Friday, May 26, 2017

The Heist Always Goes Wrong: In Space

I'm the perfect age to be a Star Wars nut and grew up as such. It loomed larger than any other pop-culture influence of my childhood, but good lord the three year wait betwixt episodes were fathomless voids and nature abhors a vacuum...

So I filled them with many tales sparked by the bits of the story and character so far revealed. Sure Star Wars had a strong fantasy element, but it was the swashbuckling space opera I responded to most. The open seas, the untamed wilderness, unruly scoundrels, badass bounty hunters and ruthless gangsters along with the plucky resistance bucking against the tyrannical super duper power.

Those characters neither part of the power structure nor tethered by conviction to a political movement or creed using the tools available and exploiting the rickety infrastructure to suit their needs - those are my folks and I follow wherever they lead - even outside the bounds of straight up crime fiction.

The frontier is the key element for my kind of criminal fare whether high-seas piracy, western expansion, the colonizing of outer space or the inner-space frontier of digital existence. The outlaw is a romantic figure sometimes just for his ability to recognize that frontier - where everyone else sees danger he sees opportunity (or mere survival as someone irrevocably outside the mainstream of society) - and as such they are eternal pioneers whose brave first hacks through the jungle become the super-highways of the future.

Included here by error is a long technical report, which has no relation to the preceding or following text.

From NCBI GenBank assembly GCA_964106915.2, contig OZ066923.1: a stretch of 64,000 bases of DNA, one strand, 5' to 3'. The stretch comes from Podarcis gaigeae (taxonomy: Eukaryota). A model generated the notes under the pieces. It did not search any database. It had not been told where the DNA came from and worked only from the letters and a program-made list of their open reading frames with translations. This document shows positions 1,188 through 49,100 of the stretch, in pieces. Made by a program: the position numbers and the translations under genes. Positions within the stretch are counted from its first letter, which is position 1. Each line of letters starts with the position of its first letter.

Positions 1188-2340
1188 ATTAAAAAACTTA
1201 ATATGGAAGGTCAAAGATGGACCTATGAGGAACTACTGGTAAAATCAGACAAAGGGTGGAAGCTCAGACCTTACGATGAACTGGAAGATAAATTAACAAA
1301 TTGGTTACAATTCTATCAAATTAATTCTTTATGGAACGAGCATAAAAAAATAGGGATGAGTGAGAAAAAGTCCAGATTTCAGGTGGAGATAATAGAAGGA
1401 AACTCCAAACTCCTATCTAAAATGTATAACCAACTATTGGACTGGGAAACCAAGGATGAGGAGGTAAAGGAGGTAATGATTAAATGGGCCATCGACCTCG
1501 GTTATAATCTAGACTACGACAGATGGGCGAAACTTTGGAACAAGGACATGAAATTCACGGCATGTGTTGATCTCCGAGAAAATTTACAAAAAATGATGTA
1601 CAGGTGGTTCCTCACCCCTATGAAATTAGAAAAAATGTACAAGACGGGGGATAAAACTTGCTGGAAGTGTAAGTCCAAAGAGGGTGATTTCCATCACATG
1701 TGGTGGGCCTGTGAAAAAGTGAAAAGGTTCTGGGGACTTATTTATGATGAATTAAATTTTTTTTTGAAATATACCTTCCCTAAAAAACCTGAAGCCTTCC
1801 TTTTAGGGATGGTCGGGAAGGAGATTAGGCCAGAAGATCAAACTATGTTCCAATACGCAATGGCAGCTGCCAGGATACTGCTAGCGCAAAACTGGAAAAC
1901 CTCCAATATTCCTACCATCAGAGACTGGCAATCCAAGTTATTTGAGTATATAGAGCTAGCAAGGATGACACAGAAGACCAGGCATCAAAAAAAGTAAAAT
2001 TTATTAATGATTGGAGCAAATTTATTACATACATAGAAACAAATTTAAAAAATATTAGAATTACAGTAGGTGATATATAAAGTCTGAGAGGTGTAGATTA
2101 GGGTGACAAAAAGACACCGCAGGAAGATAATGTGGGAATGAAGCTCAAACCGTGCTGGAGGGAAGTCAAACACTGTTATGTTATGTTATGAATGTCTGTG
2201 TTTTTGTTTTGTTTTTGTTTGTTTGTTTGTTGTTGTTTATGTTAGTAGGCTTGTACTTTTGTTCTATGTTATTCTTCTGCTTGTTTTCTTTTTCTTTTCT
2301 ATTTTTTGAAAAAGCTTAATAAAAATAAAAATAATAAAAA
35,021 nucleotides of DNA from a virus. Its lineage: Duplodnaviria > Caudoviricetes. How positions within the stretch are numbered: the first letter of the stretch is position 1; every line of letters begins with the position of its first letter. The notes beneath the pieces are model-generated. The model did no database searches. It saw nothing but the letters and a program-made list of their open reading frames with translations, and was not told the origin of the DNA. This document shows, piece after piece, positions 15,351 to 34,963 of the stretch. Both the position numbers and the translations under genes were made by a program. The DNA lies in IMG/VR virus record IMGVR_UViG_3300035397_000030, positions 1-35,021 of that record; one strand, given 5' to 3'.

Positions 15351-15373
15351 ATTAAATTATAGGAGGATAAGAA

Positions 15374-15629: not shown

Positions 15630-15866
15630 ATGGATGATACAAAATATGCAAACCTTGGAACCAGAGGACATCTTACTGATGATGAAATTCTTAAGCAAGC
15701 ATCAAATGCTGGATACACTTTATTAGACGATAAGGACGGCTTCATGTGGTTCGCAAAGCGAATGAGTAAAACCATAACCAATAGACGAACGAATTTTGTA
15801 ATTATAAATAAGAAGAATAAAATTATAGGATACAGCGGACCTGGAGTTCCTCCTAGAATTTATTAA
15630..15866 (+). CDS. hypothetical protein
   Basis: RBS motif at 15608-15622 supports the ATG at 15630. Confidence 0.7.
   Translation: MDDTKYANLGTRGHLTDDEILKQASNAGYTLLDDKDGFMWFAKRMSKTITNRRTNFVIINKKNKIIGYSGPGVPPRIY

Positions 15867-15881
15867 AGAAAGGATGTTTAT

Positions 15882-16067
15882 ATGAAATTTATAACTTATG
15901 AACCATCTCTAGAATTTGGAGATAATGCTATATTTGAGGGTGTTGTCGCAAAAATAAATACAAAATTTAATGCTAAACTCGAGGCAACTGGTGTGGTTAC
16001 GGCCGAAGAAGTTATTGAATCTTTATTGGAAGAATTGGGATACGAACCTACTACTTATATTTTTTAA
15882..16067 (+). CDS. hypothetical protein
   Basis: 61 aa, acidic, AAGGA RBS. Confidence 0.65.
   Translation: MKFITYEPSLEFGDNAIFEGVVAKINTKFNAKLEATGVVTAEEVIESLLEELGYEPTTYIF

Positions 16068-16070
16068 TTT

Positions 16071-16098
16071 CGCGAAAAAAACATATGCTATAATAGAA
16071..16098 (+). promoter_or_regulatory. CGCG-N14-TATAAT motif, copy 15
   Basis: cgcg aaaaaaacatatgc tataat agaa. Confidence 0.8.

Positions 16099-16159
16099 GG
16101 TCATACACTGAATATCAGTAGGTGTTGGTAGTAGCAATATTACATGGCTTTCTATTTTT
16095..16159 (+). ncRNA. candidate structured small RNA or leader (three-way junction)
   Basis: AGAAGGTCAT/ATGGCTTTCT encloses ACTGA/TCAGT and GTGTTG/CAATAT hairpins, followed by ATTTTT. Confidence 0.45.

It''s why I dug the Han Solo pulp novels by Brian Daley that focused on his pre-resistance life as a smuggler and thief. The Star Wars universe of Han and Lando, Boba Fett and Jabba the Hutt was my favorite place to visit. I'll have to look at N@B-star Matt Kindt's Rebel Heist to scratch that old familiar itch soon. And shit, I'd be waaaay more excited about a Guardians of the Galaxy that focused on Sylvester Stallone's ravager crew rather than met up with the Avengers.

Jimmy Vik, the aging roughneck at the center of Kieran Shea's Off Rock belongs to this tradition. Done his time being exploited by the man and ready to take action when he sees an opportunity to steal enough gold to set him up for the rest of his life. Of course if he's caught pilfering by his corporate overlords he'll be subject to an excruciating short life of prison and medical experimentation... so, stakes, yo.

If you, like me, dig Shea's Koko books, you'll recognize the corporatized futuristic outer space setting laced with sly satire disguised by sex jokes and ultraviolence, and you'll respond to that call of the frontier and desire to smash and grab.

I've written exactly one of these stories myself. Down, Down, Down, Burns, Burns, Burns is also about a deep space miner on leave at his local hive of scum and villainy and teaming up with a prostitute to rip off a gangster and pursue petty revenge. It first appeared at Beat To A Pulp and will be included in my reissued short story collection super soon from Broken River Books.

Can you dig it?

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